How to Conduct a Game-day Field Inspection
Leading up to a football or soccer game, follow these steps to ensure a safe playing surface.
For every competition playing field in the country, a sports turf manager should be responsible for helping ensure the field is aesthetically pleasing, plays fair for all contestants and, above all, is safe. The few hours leading up to a football or soccer game should be spent ensuring no detail has been overlooked. The following are some considerations for your game-day field inspection:
Check that the field has no divots or holes into which an athlete can step and be injured.
If holes exist, fill them with sand to get you through the game until a small piece of sod can be used as a patch. Check all irrigation heads on the field to ensure that each is properly installed on grade and that the riser has retracted completely inside the irrigation body. One of the most dangerous game day situations I ever witnessed was at the 50-yard-line of a major college field where an irrigation quick-coupler was installed six inches below turf level and the metal lid was missing. It was a broken ankle waiting to happen.
Walk your field carefully and look for metal or other sharp objects.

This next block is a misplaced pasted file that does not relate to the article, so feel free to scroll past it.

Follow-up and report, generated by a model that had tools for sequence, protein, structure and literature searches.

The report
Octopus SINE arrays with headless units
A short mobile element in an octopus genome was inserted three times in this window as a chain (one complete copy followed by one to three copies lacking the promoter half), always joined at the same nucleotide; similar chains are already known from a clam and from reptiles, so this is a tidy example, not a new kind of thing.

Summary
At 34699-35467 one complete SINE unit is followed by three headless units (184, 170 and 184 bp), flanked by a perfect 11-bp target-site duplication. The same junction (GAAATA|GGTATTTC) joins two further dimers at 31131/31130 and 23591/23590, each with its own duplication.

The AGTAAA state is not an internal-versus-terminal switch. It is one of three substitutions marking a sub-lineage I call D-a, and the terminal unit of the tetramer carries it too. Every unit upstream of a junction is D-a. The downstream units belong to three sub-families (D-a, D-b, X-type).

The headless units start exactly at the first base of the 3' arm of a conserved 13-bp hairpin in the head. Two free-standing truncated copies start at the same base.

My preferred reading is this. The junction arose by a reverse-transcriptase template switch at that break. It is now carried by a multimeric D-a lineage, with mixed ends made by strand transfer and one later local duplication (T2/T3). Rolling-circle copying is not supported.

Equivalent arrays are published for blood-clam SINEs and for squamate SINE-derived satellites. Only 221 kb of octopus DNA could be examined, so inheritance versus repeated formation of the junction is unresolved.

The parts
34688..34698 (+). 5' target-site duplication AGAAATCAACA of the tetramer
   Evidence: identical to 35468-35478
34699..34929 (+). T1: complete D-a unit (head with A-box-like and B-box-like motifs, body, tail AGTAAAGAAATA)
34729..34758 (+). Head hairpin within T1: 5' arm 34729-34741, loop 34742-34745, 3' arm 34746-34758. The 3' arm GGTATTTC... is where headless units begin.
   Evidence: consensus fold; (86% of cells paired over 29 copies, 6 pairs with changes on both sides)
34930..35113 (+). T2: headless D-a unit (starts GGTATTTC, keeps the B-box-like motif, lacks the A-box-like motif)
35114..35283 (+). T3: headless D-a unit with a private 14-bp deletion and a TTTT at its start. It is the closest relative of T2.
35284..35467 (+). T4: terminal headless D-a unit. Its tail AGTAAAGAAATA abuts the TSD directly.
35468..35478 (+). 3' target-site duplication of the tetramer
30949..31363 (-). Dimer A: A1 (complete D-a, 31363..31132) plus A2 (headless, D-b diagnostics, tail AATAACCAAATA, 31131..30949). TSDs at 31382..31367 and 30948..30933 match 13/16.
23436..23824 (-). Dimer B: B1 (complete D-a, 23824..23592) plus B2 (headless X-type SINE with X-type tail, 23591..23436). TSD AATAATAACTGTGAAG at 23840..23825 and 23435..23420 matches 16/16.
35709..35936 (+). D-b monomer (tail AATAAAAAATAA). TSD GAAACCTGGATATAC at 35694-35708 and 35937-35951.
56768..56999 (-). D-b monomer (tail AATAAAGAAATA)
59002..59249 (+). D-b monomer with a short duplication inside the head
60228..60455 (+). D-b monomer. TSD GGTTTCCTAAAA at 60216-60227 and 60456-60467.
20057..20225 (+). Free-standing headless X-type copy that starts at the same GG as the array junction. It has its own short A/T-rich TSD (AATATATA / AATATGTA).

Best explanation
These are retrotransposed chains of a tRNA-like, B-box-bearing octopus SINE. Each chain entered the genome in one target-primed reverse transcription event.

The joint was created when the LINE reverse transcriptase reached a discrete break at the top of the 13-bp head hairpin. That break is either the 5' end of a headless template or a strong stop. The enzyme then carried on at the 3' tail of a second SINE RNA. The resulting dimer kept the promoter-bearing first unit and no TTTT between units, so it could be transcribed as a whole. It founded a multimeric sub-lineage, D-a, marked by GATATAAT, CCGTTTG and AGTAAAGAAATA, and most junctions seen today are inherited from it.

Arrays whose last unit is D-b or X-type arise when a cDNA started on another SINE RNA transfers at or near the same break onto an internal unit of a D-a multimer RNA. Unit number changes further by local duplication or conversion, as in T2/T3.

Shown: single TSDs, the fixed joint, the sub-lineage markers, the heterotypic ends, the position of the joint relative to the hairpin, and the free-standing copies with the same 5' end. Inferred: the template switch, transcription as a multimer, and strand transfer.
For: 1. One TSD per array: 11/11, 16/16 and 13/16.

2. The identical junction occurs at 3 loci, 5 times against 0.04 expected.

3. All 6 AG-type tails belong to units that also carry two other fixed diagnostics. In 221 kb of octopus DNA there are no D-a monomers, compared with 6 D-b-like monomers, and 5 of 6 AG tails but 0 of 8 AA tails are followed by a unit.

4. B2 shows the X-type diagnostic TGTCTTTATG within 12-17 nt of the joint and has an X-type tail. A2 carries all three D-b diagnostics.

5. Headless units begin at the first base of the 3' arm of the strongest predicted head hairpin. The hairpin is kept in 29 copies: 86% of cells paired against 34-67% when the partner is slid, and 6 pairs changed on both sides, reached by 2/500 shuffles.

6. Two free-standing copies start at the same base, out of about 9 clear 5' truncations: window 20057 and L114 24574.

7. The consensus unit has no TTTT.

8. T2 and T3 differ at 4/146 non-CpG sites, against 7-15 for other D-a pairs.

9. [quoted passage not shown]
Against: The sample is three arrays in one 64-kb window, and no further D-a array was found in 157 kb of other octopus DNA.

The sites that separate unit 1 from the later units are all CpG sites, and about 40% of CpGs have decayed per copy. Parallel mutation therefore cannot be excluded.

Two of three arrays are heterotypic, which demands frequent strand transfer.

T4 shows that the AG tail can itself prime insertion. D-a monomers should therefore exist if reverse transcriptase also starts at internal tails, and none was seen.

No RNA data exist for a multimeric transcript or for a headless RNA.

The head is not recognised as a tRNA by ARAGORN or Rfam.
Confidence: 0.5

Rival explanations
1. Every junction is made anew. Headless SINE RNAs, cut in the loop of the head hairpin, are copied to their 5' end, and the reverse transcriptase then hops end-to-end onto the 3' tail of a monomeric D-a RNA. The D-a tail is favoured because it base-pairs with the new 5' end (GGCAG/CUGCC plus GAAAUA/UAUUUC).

Often, these pieces are left behind by a mower, a team or a band. Also, inspect goalpost pads to ensure they are installed correctly and will provide protection as designed.
Closely inspect sideline areas.
Look for anything that could come into contact with a player who exits the field of play at full speed. It's up to you to keep a "safe zone" around the perimeter of your field. You want players putting forth extra effort and you want to ensure they can safely do so. A painted restraining line around the field can direct sideline dwellers such as media members and cheerleaders to keep a relatively safe distance from the action.
Inspect built-in field features.
These include ground sockets, which can be hazardous to an athlete sliding out of bounds. If they have sharp edges, replace them. Also, fields encircled by a running track oftentimes have surface-mounted stormwater drain intakes. In many instances, these intakes are positioned in low points of a track infield and the grade change can be extremely dangerous for a hard-charging athlete to negotiate.
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